Hunters often hear about large tracts of land being used by one particular person over several consecutive seasons. This usually involves driving across multiple farm fields or forests looking for signs of activity such as feeding stations or bedding sites. These individuals are typically high-ranking members of a herd, but not always. Sometimes less dominant animals will use larger home ranges when food resources are limited during winter or drought years.
In general, deer tend to stay within 150 acres of their original location if it contains good food and cover for concealment. They will wander farther if forced by human activity or if no suitable habitat is found within that radius.
Home ranges in desirable regions of Louisiana, Pennsylvania, and Maryland ranged from 269 to 559 acres, or less than a square mile (640 acres). In less desirable areas of New York and Virginia, ranges were larger at 940 and 1320 acres (380 and 500 square miles), respectively.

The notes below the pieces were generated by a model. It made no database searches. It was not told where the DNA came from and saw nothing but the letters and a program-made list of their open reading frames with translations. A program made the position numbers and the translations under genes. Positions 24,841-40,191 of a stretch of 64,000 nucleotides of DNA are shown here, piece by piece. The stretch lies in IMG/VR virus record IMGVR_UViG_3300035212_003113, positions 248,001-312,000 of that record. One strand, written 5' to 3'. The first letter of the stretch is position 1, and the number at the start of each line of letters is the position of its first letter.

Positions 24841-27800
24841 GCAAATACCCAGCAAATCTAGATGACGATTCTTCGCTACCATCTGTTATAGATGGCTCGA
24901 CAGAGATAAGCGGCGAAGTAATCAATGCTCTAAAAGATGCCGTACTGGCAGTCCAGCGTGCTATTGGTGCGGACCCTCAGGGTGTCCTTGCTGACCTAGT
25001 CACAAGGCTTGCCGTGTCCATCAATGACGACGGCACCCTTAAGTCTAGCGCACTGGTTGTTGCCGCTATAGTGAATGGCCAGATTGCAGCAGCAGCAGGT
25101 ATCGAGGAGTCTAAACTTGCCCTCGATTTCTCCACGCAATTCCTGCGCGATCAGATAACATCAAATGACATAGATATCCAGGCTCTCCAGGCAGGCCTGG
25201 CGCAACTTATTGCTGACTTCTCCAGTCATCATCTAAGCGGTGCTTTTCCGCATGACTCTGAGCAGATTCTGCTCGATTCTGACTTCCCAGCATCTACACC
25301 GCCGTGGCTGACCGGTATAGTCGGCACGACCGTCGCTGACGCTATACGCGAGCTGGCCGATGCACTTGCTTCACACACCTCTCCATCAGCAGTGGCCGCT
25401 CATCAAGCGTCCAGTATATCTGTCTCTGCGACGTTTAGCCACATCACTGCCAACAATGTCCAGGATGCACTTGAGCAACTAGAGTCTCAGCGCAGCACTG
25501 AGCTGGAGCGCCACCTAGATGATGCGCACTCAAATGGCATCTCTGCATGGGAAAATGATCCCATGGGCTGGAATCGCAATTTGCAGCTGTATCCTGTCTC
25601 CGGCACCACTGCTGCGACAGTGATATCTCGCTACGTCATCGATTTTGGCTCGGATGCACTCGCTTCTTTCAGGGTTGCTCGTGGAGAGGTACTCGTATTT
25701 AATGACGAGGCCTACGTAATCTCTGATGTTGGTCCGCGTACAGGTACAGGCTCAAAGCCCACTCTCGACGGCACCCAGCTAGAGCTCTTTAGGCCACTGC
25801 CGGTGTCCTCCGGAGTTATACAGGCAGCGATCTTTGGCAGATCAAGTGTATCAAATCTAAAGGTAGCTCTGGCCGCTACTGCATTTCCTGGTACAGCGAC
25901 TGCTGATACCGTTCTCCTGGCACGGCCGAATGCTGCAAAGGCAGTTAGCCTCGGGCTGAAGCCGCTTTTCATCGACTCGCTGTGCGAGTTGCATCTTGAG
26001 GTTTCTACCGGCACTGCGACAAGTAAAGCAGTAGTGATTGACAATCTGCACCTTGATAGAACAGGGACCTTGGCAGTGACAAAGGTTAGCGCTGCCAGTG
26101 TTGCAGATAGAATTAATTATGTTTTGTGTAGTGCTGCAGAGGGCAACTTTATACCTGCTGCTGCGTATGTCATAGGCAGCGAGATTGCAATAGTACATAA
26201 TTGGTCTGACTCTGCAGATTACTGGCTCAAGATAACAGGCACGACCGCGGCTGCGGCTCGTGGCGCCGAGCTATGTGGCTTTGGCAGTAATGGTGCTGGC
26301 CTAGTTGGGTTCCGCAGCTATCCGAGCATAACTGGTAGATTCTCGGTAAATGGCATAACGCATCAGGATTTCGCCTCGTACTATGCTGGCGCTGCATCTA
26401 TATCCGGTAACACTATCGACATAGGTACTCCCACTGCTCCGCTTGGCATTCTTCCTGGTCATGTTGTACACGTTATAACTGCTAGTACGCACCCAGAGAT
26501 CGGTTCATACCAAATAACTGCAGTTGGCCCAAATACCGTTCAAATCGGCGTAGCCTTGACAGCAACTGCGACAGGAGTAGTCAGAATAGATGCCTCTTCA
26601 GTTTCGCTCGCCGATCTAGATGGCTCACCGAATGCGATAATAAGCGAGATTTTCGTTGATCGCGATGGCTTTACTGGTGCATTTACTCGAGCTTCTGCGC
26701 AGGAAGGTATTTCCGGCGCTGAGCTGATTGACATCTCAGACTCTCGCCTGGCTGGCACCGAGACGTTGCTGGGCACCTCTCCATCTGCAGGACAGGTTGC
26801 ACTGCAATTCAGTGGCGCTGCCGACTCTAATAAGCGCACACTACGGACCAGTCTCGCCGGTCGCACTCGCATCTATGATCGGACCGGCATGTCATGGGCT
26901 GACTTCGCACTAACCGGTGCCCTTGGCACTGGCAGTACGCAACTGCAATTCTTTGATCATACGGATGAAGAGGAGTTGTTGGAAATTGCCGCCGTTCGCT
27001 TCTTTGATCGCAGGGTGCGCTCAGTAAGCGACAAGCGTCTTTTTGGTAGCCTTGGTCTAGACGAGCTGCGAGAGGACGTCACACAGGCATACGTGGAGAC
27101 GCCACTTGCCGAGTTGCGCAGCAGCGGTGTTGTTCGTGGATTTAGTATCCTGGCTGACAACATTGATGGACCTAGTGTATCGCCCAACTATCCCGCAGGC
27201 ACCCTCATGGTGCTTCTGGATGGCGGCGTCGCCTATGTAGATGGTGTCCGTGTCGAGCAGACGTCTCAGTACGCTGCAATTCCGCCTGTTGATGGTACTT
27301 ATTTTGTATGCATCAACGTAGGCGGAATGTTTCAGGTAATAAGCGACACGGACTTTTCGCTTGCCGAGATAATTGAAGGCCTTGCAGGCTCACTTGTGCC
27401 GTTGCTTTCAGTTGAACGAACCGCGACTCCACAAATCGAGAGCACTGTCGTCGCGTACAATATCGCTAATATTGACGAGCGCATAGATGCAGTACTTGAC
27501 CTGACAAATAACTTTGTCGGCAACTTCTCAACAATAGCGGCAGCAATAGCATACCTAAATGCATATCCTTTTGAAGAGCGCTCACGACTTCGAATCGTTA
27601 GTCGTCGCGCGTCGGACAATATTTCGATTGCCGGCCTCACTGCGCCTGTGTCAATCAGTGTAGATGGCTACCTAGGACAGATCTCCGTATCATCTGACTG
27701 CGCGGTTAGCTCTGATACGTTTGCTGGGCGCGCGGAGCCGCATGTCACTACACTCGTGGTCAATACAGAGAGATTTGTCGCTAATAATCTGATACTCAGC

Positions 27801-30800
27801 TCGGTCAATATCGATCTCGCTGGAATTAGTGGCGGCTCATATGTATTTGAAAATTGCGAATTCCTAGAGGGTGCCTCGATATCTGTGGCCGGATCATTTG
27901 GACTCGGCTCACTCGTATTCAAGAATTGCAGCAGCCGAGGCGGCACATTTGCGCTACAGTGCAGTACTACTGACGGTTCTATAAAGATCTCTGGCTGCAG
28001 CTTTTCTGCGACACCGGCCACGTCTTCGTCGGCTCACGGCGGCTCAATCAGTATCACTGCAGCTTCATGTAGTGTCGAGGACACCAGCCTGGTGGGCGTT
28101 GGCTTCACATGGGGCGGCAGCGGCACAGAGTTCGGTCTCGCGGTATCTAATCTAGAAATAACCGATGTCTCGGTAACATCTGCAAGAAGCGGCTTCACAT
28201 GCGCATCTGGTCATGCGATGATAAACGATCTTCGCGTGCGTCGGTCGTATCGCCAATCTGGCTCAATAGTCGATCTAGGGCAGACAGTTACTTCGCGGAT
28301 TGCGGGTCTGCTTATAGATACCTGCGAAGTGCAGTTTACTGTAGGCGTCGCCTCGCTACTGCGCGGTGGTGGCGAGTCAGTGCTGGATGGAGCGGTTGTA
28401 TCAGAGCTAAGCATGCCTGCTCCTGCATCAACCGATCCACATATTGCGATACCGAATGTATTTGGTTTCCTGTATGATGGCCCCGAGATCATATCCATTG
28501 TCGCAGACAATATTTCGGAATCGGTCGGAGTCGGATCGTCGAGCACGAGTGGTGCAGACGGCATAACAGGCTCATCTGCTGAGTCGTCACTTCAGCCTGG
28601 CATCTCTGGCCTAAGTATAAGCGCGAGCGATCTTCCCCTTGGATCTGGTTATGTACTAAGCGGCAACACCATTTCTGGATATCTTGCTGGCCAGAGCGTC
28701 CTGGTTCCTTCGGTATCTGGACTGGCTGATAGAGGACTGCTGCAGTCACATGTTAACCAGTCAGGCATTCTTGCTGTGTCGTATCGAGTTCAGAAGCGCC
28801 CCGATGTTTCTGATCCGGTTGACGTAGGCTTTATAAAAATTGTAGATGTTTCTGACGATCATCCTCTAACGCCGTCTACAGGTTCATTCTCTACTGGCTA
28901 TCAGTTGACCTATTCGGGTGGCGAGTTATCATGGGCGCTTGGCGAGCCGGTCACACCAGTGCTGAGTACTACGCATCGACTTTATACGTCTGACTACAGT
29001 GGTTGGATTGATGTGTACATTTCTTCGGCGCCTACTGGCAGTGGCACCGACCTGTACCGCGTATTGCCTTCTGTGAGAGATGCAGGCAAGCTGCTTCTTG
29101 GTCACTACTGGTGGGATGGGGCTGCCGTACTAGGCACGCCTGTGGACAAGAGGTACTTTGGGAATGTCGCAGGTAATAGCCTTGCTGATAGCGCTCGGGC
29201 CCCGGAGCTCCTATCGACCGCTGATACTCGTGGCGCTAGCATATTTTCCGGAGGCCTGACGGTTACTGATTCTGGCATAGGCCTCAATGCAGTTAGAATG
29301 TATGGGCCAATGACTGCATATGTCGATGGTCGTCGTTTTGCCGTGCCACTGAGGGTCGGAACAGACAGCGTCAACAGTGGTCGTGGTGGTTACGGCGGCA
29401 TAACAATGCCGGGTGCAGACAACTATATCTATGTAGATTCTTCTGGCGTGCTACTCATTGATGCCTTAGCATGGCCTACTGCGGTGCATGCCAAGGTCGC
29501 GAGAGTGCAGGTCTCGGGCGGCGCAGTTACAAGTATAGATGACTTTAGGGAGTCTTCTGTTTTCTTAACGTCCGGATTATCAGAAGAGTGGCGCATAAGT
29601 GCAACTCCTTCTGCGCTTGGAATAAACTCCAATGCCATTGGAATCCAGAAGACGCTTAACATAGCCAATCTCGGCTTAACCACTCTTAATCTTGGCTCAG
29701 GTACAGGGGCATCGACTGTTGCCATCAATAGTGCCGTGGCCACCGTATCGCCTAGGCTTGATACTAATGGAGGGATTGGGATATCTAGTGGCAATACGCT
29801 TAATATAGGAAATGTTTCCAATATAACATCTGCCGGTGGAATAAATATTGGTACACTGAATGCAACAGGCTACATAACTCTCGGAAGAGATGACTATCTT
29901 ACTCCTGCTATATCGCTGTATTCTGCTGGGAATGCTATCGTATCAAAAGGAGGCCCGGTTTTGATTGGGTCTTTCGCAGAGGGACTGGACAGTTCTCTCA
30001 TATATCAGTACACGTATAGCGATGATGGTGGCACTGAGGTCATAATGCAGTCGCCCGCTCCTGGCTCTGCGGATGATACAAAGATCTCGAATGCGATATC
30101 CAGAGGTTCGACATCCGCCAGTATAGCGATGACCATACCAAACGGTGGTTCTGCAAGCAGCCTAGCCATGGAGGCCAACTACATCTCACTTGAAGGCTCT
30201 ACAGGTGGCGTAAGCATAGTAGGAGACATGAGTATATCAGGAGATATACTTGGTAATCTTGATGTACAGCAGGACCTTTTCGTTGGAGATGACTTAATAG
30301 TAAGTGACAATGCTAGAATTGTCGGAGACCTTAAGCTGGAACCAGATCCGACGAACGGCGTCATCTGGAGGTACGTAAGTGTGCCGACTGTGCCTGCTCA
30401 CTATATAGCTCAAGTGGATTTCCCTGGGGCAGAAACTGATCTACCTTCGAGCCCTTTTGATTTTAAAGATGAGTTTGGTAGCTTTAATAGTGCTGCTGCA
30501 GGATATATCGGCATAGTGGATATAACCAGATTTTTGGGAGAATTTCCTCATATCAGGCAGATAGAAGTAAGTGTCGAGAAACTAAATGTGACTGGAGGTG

Across all regions and habitats, average male whitetail buck home ranges are about 1-3% of land area. The range is generally smaller for younger males or those in poor health. Ranges also tend to be larger for more abundant species or populations.
The average female whitetail deer range is about one-tenth of that of her mate. Her range is also slightly larger in more abundant populations.
An average adult white tailed deer weighs between 45 and 90 pounds (20 and 40 kg). Young animals may weigh as little as 35 pounds (16 kg) and grow rapidly until their first winter when they typically reach 50 pounds (23 kg). A mature deer can live for up to 10 years in the wild and up to 20 years in captivity.
There are no accurate population estimates for whitetail deer. However, science has determined that they have a widespread distribution across North America, which suggests that they aren't currently endangered.